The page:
The good and the bad of Aspen City Hall
We really must hand it to the folks at Aspen City Hall. They work diligently to solve local problems, using everything from street signs to buses to interactive public meetings to make Aspen a better place to live. There is rarely a shortage of ideas coming out of 130 S. Galena St.
Sometimes city officials nail a problem perfectly, but sometimes they blow it and actually create more problems than they started with. Today we spotlight an example of each.
First, it appears the city plans to make permanent the one-way traffic directive on three blocks of Cooper Avenue and Galena Street downtown. When this idea was first proposed a few months ago, we scoffed, thinking the move another way for bureaucrats to keep themselves busy. But we’ve been pleasantly surprised at the additional parking created by the move, and the relative calm of having just one slow-moving parade of automobiles through the heart of the commercial core.
So, chalk one up for the traffic and parking engineers at City Hall. They managed to improve a congested and deservedly popular area of town.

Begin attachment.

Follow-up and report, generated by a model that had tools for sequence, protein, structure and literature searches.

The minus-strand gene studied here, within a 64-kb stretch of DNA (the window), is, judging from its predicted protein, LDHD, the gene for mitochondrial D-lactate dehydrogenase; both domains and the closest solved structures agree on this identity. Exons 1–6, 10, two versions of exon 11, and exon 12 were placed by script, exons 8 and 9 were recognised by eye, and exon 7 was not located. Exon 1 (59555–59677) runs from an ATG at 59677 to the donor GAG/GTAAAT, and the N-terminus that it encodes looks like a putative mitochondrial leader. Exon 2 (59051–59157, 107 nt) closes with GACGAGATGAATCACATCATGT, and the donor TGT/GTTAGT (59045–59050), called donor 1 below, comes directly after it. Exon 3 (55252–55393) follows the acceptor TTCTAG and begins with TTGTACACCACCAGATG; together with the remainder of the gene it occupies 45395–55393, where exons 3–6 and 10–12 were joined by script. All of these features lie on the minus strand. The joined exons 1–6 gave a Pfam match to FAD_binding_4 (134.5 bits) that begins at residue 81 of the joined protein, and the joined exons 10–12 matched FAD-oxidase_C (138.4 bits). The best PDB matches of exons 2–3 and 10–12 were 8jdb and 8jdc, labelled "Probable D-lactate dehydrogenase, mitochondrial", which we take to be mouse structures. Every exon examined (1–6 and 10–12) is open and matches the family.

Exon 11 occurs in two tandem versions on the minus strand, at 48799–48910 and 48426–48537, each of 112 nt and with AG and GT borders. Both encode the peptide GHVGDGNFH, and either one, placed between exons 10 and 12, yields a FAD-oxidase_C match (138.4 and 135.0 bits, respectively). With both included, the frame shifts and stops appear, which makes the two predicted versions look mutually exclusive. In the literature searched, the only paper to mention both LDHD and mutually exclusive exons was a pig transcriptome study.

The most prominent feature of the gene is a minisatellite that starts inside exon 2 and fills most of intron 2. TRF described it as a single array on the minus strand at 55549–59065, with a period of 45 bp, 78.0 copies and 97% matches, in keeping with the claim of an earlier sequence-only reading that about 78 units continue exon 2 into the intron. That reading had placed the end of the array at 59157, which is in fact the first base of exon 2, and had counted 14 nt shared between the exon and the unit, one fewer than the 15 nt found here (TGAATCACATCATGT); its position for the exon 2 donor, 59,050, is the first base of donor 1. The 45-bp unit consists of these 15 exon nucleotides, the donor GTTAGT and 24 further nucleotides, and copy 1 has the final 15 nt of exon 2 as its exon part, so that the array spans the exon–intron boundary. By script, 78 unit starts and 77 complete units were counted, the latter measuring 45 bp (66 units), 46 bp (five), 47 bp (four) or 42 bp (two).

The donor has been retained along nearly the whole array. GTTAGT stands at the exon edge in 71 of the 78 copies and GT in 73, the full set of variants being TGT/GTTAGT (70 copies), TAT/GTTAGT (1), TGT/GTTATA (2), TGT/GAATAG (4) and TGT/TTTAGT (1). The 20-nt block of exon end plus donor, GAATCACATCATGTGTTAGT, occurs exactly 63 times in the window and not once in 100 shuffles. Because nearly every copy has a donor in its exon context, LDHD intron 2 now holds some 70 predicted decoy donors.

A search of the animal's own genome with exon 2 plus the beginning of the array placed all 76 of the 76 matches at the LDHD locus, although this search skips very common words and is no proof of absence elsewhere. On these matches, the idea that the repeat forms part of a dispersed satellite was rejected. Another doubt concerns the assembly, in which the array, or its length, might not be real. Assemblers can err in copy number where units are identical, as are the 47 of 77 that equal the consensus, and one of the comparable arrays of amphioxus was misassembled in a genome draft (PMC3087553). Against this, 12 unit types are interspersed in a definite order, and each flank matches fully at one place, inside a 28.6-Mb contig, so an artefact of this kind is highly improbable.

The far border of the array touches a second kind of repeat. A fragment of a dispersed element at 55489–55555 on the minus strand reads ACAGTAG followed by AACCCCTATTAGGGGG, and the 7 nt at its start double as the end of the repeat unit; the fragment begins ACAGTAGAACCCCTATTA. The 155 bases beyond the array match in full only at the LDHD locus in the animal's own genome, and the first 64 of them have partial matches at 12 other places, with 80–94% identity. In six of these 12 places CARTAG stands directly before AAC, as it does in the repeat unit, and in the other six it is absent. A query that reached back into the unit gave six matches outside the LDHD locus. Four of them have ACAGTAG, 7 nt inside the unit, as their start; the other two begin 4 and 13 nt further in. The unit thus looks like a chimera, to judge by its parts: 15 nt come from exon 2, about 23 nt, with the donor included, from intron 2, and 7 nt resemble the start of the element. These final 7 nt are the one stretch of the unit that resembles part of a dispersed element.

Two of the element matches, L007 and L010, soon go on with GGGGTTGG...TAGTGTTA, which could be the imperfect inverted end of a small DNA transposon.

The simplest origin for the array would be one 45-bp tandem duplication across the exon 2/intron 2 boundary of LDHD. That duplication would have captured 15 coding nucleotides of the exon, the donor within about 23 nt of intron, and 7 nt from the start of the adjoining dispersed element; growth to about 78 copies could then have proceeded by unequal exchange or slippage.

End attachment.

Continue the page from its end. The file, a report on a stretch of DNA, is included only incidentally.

Unfortunately, the City Council has hatched another plan that threatens to outweigh the headway recently accomplished in the core. Council members recently asked Assistant City Manager Randy Ready to create a plan that would make it illegal to turn left onto Cemetery Lane from Power Plant Road during the afternoon rush hour.
The idea is to prevent commuters from taking the “back road” through the West End and skirting the congestion on Main Street.
We understand the frustrations of West End residents who are having to tolerate levels of traffic they once thought unimaginable. But it’s unfair to punish hundreds of commuting workers every day to preserve the peace and quiet of a few. These are public streets, after all, and they don’t exist for the private pleasure of West Enders, though it must have felt that way for a long time.
This half-baked solution will only deepen the backups on Main Street and enrage the commuting workers who help make Aspen go. It isn’t worth the cost to pay the officers who will have to enforce it.
We applaud city officials for a good idea on the one-way streets downtown, but urge them to back away from the ill-advised and punitive proposal out west.
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Development in Basalt barely skipped a beat in 2020 despite the coronavirus. It’s expected to be busier next year.